While waiting for a friend at Starbucks this morning, I was (as is my custom) jotting notes in ye olde omnipresent green notebook (hereinafter to be referred to as YOOGN). I took a few minutes to sort some character conundrum and looked away from my notes. That was when I noticed the quote printed on the side of my coffee cup. It gave me pause, so I wrote it in YOOGN so that I could blog about it:
"The world bursts at the seams with people ready to tell you you're not good enough. On occasion, some may be correct. But do not do their work for them. Seek any job; ask anyone out; pursue any goal. Don't take it personally when they say 'no' - they may not be smart enough to say 'yes'."- Keith Olbermann
This made me think of my recent rant about Bestseller McBadass, and the self-fulfilling prophecy of anticipating failure. Many times we assume that we aren't good enough and by making that assumption, we make it come true.
We assume that a person is "out of our league" and don't pursue a relationship or even a friendship with them. We assume a job is too good to be true, that surely someone else will come along that's better qualified, so we don't apply. We're not good enough as students, writers, artists, musicians, people...and so we aren't good enough.
When we do this, we are foregoing success out of fear of failure. I guess what it boils down to is this: Are the rewards of reaching your goal worth the possible fallout of failing to reach that goal?
I can think of very few reasons to answer "no" to that question.
No one knows what the future holds for any of us, but we can make the choice to succeed - knowing that failure is a possibility - and live with the satisfaction that we have at least given it a fighting chance...or we can choose to fear the possibility of failure and negate any chance of success.
As a personal example, when I rode the Seattle-to-Portland bicycle ride (200 miles in 2 days) in 1999, I was told by several people, including some of my doctors, that it wasn't going to happen. I simply couldn't do it. One doctor glibly told me that he had "never known a fibromyalgia patient who could even think of doing such a thing". I retorted that we had evidently not been introduced.
In spite of my stubborn "I'll show you" nature, though, I was starting to have my doubts at this point. Should I even bother to try if I'm just going to fail (not to mention that I'd be sore as hell after the inevitable failure)? Why not spare myself the pain of both the ride and the failure? Was it worth it?
But come on, you folks know me: Tell me I can't do something. Watch what happens.
Well, 50 miles into the ride, I twisted my knee after some impatient twat knocked me into a ditch. I was absolutely hellbent on continuing, though. I wasn't dropping out. No way. By the time I crossed the finish line, after over 24 hours in the saddle over the course of 2 days, I couldn't walk. I was on crutches for 3 days and even now, I still have some problems with that knee...but I finished the ride.
Was it the wisest decision to continue the ride, knowing my knee was unhappy? Probably not. There are days when my knee lets me know that it still hasn't forgiven me. Do I regret it? Absolutely not. In almost 10 years, I have never once regretted it. As long as I could still make the wheels turn on my bike, there was still a chance to make it to the finish, and I wasn't going to stop until either I couldn't ride anymore or I had my finisher's badge, whichever came first.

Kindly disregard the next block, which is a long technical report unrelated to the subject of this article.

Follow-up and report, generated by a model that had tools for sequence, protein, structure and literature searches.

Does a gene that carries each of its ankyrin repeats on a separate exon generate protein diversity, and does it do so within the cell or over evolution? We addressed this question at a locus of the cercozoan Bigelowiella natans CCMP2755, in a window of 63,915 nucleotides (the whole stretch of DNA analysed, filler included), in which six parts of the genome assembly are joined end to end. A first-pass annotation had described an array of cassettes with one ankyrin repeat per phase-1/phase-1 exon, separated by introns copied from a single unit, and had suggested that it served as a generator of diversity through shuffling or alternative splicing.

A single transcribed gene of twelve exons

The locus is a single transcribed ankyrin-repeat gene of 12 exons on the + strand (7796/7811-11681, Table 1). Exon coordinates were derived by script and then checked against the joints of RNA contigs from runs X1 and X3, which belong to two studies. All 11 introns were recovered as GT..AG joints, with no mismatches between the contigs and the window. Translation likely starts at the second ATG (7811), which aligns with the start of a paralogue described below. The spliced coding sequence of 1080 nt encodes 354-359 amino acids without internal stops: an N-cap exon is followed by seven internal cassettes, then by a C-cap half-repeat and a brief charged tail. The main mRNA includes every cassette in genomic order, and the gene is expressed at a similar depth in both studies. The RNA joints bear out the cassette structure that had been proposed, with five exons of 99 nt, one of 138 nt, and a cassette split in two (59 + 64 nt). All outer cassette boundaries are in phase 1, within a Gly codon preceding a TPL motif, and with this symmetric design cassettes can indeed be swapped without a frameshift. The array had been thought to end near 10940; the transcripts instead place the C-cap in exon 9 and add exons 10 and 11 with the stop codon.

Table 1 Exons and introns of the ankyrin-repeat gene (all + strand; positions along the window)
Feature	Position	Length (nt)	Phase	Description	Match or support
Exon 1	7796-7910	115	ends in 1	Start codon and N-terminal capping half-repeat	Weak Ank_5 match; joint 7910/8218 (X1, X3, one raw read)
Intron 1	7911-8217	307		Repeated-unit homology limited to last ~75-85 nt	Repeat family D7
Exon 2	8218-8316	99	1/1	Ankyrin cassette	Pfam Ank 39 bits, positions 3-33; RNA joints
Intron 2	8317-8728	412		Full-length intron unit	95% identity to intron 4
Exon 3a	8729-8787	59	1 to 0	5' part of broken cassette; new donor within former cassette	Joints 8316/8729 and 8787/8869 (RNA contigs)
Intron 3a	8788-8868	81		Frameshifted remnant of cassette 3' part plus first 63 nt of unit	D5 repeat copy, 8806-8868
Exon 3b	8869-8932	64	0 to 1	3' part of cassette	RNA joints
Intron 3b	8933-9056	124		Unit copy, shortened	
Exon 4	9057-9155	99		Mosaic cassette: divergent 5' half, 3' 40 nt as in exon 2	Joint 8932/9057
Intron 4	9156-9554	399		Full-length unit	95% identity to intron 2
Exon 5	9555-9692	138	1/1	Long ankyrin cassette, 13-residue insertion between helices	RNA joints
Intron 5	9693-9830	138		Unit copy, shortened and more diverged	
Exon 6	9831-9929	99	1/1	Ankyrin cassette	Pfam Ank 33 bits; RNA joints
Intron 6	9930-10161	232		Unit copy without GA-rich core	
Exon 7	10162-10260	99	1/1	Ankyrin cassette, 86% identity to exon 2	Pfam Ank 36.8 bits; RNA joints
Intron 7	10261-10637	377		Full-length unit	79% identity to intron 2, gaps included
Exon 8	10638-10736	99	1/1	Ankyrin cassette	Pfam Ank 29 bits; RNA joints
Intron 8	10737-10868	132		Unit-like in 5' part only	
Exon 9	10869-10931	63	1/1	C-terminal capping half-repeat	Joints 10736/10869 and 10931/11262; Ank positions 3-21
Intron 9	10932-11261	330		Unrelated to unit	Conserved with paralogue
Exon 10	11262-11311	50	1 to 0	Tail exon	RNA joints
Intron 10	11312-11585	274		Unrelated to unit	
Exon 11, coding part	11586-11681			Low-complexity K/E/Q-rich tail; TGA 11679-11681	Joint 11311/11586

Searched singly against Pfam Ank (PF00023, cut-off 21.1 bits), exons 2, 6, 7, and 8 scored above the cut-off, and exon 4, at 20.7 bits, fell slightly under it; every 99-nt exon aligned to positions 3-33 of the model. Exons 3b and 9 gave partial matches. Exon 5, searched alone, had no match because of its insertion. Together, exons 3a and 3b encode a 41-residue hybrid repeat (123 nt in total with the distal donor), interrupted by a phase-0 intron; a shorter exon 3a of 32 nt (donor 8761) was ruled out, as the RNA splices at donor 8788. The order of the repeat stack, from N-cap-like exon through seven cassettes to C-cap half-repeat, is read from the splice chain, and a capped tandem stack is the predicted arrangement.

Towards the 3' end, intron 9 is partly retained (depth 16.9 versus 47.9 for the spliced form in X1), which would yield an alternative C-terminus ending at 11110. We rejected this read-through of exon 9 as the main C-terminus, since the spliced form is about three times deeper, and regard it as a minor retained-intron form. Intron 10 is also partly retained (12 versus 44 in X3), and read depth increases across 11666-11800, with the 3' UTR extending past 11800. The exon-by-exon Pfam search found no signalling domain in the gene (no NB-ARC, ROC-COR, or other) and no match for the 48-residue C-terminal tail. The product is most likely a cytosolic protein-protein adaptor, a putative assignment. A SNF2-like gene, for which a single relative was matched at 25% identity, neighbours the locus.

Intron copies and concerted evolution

Had I dropped out of the ride, I would most likely still be kicking myself. However, what if I had taken everyone else at their word that I couldn't do it at all, and just not started? I can only imagine the regret. The "what if I'd at least given it a shot?" Quite honestly, I'll take a sore knee any day of the week over the self-loathing and regret.
So why am I telling you this? Because I very strongly believe that, as the quote above points out, a lot of us let others tell us we'll never amount to anything, we'll never succeed, we'll never drag our limping, bleeding carcasses across the finish line...and I hate to see people complacently take someone else at their word that it's not even worth starting the race, because you'll never finish, let alone win. I would rather be the guy that crosses the finish last, or even the one that has to drop out of the race midway through, than the one who's at home on the sofa saying "it's not worth trying, because I'll never win".
I know the cliches:"think positive", "at least you tried", etc., but there is a lot of wisdom in those simple mantras. Too many people sit back and accept the inevitability of failure. The race metaphor can apply to anything in life. For the writers among us, it's easy to tell ourselves "What's the point? It'll never get published and it'll never be a bestseller." Really? How do you know? It's intimidating as hell: Every time we put pen to paper and start a new story, we could easily be starting something that will never see the light of day and will get no more of a publisher's time than the time it takes to send off an impersonal rejection...assuming the story even gets finished and polished enough to submit in the first place. You never know what will happen if you start it, but you know exactly what will happen if you don't.
Not everyone crosses the finish line, but the ones who truly fail are the ones who never cross the starting line.
So, my loyal blog minions, I say:
Get off the couch.
Put on your running shoes.
And run the damned race.